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Female-Led Series Will Likely Dominate Emmy’s Comedy Contenders

The Emmy category for comedies is bound to be dominated by female-led series like "Veep," "Russian Doll," and "The Good Place," according to industry predictions.Colleen Hayes—HBO; Netflix; Colleen Hayes—NBC/NBCU Photo Bank via Getty Images

When nominees for the 71st Primetime Emmy Awards are announced on July 16, one history-making milestone is likely to be among them: For the first time since the inaugural statuette was handed out in 1952, contenders for Outstanding Comedy Series will be dominated by shows that center on female lead characters.

At press time, 24 leading TV critics and industry pundits for the awards-prediction site Gold Derby had nearly unanimously dubbed at least seven female-led series as frontrunners for comedy’s top prize, including: NBC’s The Good Place, Netflix’s GLOW, Dead to Me,and Russian Doll; HBO’s Veep (a current favorite to win), and Amazon’s Fleabag and 2018 winner The Marvelous Mrs. Maisel.

Only a few short years ago, repeat nominees in the race included exalted, dude-focused fare such as FX’s Louie, HBO’s Silicon Valley, and CBS’s erstwhile The Big Bang Theory. But this year, HBO’s Bill Hader assassin dramedy Barry and Netflix’s The Kominsky Method, starring Michael Douglas and Alan Arkin, are the only such male-fronted series predicted to make showings in 2019.

While the Emmys have awarded numerous female-driven comedies during their run, from I Love Lucy to Ally McBeal to 30 Rock, journalist and author Carina Chocano says there’s something uniquely current about how and why this year’s contenders have resonated so deeply.

“The #metoo movement has made some [TV executives] aware for the first time that women have deep interior lives and are therefore viable as comedy protagonists,” says Chocano, author of the book, You Play the Girl: On Playboy Bunnies, Stepford Wives, Trainwrecks and Other Mixed Messages. “In this deeply terrifying political time, it makes sense that we turn to women to make sense of the gaslighting and verbal assault. Women are the most qualified at this moment to express how it feels to be alive in this culture of abuse, where we’re all being dehumanized. I guess you could say we’re all women now.”

Robert Rorke, TV columnist for The New York Post and a Gold Derby awards pundit, says Mrs. Maisel’s victory last year (Amazon’s first major win for an original series, a milestone that’s eluded even Netflix) signaled a crucial shift in the way these comedies are both marketed to viewers and promoted to the Academy of Television Arts and Sciences’15,000-plus voters, a body that’s increasingly favored single-camera dramedies over traditional multi-cam network sitcoms. (The last of the latter to win was CBS’s Everybody Loves Raymond in 2005.)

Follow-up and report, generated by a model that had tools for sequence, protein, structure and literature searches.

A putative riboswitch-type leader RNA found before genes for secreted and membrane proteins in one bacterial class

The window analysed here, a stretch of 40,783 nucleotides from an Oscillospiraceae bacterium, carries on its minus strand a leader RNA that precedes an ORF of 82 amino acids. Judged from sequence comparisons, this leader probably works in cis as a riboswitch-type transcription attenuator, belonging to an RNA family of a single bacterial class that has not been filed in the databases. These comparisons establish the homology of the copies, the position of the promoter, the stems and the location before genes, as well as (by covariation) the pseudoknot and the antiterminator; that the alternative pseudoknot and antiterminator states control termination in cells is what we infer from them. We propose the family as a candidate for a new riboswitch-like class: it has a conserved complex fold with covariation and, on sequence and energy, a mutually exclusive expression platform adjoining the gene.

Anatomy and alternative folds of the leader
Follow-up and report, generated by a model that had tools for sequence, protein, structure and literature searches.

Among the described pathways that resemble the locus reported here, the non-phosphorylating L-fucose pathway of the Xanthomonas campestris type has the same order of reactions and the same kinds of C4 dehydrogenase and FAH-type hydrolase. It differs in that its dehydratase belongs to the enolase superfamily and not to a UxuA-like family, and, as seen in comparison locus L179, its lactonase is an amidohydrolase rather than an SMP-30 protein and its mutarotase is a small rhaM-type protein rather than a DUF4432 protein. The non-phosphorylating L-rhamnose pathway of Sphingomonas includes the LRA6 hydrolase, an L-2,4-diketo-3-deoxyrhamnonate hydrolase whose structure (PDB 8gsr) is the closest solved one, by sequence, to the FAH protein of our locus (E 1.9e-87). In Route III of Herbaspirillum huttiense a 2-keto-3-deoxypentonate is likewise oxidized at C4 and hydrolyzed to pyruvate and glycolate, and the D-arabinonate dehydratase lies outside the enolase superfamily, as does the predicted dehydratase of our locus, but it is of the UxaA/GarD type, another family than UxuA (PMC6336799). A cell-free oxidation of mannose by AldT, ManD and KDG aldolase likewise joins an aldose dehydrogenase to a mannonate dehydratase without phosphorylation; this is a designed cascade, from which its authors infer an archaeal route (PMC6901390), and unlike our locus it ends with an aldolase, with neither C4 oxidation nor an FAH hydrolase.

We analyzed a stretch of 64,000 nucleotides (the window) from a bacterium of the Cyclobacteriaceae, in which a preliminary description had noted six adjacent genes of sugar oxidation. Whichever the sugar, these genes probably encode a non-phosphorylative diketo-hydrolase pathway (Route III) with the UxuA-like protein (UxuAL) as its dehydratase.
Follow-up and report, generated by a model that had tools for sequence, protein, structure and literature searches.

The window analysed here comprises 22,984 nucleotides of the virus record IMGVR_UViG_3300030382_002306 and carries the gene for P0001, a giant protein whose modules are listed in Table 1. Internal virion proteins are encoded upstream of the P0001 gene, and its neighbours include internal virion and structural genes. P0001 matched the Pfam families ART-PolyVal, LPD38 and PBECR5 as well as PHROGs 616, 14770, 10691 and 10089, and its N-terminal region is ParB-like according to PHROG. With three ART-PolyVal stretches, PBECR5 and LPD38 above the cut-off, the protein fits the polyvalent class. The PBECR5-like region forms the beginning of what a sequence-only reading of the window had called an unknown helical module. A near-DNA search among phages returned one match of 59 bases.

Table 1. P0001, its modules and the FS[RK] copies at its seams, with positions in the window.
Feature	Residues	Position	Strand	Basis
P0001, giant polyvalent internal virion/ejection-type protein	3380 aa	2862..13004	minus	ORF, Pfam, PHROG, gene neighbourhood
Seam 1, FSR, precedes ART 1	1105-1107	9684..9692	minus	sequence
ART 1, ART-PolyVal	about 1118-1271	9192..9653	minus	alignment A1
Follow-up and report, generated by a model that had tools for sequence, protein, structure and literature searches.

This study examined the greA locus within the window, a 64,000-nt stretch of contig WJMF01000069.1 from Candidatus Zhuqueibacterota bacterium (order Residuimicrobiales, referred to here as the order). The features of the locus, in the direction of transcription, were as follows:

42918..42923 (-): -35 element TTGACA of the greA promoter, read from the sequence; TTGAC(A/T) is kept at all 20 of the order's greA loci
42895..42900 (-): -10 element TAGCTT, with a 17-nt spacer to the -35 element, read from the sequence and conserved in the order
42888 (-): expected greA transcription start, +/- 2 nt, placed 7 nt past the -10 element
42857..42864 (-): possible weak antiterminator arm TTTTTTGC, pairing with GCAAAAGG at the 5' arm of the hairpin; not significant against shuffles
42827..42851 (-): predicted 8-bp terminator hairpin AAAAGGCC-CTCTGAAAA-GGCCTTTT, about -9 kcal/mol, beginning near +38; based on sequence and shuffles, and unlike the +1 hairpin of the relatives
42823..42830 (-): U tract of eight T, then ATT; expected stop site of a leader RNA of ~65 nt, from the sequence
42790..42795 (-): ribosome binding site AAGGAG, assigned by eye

In fact, with the exception of NBC’s afterlife-themed single-cam comedy The Good Place, broadcast network contenders have been totally eclipsed by edgier streaming series in this year’s race, especially cutting-edge dramadies like Russian Doll, Fleabag, and Dead to Me that Rorke says offer up uniquely gut-wrenching material.

“And there is now such a wealth of talented female actors who can shine in these roles—Christina Applegate, for one, has had the kind of success with Dead to Me that eluded her in previous traditional sitcoms,” says Rorke. “These actors don't mug. They don't do ‘shtick.’ They never try to be funny. Yet, they’re hysterical.”

This year’s spate of women-forward series have also all but replaced the “family comedy” in the Emmy race, whose most recent nominees, five-time winner Modern Family and two-time nominee black-ish (both on ABC) have disappeared from pundits’ pick-lists.

And speaking of families, only three female characters total among this year’s crop of frontrunners are moms raising children: Rachel Brosnahan’s stand-up comic in Maisel, Betty Gilpin’s ‘80s wrestler in GLOW, and Applegate’s widow in Dead to Me. But in all of these cases, screen-time the characters spend “parenting’ is dwarfed by scenes depicting professional (stand-up comedy, wrestling) or personal pursuits (solving a murder).

Chocano says this latest evolution of the TV comedy, however it may fare at this year’s Emmys on Sept. 22, is likely just one of many iterations to come in how women want to see their lives depicted on-screen.

“The family comedy—even slightly subversive ones like Modern Family and black-ish—have always upheld a certain patriarchal status quo, which isn't feeling so hot now,” says Chocano. “Those series’ creators tweaked the form. But our current mood is burn it all to the ground.”

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